understand that terminology but essentially the controller is
responsible for determining what’s going to be shown on a given page and for
calling the right view to actually show that data. So, I’ll go back
through this request to see — to show you how it’s working. Over here is our
fake home page that’s actually running through this template which is a normal
WordPress page.php template except instead of having regular WordPress
stuff, it has this single call that is an entry point into our full
application. And all of our application code
is stored in the app directory. So, outside of that we have other things that are affecting different parts of
the WordPress theme. You’ll notice
that this is in the normal traditional WordPress themes location. At least for
now, that’s still our model, but all of our custom application code is in here.
And all the working code — the things that our developers are using
on a day-to-day basis — is going to go in this folder. And within that we have a
controllers folder and that controllers folder contains a file page controller,
which is the one in question here. When we’re looking at this page
controller, you’ll see: right now it just has one method. On more complex
applications, page controller can contain all sorts of methods ranging from normal,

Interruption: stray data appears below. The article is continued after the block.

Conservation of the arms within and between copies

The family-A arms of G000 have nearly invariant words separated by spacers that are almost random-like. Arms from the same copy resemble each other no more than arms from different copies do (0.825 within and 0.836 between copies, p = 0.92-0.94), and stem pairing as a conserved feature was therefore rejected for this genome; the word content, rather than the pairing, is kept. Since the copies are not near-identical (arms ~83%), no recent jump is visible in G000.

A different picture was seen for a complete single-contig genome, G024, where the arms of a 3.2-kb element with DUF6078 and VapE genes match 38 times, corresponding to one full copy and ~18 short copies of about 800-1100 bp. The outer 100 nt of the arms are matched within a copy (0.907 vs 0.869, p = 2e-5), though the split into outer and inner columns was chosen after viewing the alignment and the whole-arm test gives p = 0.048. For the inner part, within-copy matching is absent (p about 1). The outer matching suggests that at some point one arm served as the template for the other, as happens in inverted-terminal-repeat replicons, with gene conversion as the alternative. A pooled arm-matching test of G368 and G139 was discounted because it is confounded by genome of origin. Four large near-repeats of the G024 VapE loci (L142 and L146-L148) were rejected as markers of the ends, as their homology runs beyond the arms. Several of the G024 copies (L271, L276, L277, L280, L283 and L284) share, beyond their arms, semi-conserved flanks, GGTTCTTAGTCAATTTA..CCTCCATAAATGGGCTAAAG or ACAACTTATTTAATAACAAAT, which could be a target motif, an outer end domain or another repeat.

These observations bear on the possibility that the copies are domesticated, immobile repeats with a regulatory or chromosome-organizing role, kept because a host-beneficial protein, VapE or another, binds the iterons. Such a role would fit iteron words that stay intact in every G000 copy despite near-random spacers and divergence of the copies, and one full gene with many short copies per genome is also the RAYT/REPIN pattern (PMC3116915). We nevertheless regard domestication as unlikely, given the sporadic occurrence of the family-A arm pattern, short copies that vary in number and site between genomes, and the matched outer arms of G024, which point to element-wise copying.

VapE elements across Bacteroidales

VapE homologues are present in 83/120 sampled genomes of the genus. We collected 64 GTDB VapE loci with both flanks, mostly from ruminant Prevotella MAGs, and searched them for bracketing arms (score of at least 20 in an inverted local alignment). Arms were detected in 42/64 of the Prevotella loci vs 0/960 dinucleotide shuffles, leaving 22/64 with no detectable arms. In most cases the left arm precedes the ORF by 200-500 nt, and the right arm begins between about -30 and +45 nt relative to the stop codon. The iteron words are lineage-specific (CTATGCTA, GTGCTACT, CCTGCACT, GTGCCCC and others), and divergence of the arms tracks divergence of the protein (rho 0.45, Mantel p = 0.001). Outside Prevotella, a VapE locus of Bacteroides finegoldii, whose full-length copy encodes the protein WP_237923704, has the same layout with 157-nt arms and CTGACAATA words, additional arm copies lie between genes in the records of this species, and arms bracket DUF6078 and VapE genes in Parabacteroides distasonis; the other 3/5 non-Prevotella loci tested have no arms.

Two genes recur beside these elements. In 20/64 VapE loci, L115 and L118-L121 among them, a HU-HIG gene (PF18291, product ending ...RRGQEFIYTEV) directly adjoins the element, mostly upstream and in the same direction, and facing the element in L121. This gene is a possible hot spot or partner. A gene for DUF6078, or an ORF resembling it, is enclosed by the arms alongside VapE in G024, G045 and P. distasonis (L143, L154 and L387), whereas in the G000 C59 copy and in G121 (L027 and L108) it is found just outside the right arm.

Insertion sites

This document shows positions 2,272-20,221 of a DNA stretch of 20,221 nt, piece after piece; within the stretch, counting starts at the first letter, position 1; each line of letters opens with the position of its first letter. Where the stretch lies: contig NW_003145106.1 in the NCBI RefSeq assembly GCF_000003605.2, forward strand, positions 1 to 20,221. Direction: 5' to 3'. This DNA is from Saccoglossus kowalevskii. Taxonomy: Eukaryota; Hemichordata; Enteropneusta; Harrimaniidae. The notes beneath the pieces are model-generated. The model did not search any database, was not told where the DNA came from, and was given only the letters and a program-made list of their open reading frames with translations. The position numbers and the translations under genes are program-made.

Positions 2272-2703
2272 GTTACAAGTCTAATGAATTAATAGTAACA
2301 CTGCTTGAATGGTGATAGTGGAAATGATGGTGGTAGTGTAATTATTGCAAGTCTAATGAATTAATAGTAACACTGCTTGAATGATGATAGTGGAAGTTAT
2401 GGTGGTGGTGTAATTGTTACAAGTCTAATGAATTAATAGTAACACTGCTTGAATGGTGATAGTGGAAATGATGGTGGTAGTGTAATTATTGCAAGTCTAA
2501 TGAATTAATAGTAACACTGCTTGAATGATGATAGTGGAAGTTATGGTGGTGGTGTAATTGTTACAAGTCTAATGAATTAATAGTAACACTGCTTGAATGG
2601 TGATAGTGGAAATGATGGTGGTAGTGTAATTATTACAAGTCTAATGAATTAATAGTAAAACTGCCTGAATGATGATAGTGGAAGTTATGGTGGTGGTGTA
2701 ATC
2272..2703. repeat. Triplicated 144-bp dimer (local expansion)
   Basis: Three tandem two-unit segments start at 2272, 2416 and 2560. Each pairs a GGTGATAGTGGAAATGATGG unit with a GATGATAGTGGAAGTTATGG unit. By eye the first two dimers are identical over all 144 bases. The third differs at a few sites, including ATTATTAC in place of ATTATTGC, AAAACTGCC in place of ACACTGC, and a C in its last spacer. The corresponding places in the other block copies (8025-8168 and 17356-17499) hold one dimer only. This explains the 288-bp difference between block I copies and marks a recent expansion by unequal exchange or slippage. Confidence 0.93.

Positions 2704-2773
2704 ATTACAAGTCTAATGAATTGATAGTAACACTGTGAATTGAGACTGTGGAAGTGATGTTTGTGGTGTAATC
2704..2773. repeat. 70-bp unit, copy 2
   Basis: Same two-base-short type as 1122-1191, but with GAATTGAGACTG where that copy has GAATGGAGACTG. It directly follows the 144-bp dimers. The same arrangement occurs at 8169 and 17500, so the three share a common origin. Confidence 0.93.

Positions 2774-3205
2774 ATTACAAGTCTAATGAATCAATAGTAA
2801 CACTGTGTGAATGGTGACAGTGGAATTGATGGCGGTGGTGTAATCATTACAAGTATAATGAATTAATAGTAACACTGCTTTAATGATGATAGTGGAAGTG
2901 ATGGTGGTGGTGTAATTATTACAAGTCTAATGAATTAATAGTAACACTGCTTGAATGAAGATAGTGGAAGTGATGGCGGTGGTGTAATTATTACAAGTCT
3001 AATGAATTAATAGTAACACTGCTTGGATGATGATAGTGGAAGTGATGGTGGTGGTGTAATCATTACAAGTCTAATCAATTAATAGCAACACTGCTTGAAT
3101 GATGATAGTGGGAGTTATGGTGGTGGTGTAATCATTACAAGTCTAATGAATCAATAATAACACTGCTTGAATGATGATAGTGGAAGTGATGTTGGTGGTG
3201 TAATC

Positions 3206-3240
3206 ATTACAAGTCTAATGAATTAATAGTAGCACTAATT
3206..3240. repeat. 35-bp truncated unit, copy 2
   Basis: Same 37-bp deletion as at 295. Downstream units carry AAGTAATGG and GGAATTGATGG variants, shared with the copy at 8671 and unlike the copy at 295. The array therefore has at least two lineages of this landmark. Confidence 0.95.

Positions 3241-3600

restful routing methods like show index, update, etc. to customized
functionality that has to do with that controller and what’s going on
there. If you’re not familiar with an MVC system, as I mentioned, that’s a great
thing to research in the background; but if you are, this structure here
will look very familiar to you if you’ve worked with Laravel namely, or Cough PHP,
or any of the other prominent PHP MVC frameworks. So, even if you’ve just worked
with another MVC framework like Ruby, you might see some similarities
here in the way that this works. So, here’s our show method. And
as in most MVC systems, the controller’s responsibility is really to figure
out what data needs to be included on the page and send it out to a view. And
that’s exactly what’s going on here. All of our controllers
automatically come with a model which is going to come from the database, and
it will be automatically delivered to the controller method in many
cases as this model. It’s going to do some manipulation on that
and create what we call a context, which is the data that’s going
to eventually be sent to a view. Then, it’s going to call a render method that actually performs that action. We’ll do future videos and resources that
explain the nuances of each of these things, but what I want to show
right now is the model layer. When we’re looking at this .model,
when it comes to a page like our home page, the model in
question is a page model. The way we have our models defined,
they’re also done in a very simple PHP-class style. And what the models need to do is
intermediate between the WordPress side of the application and the Philosophy
side. So, we have our custom code: our custom code expects things to be
formatted in a certain way, but as we all if you’ve dealt with WordPress,
WordPress has a very peculiar ORM or method of getting data
from the database. So, the model layer in our application is where we
perform those actions so that the rest of the codebase isn’t doing stuff like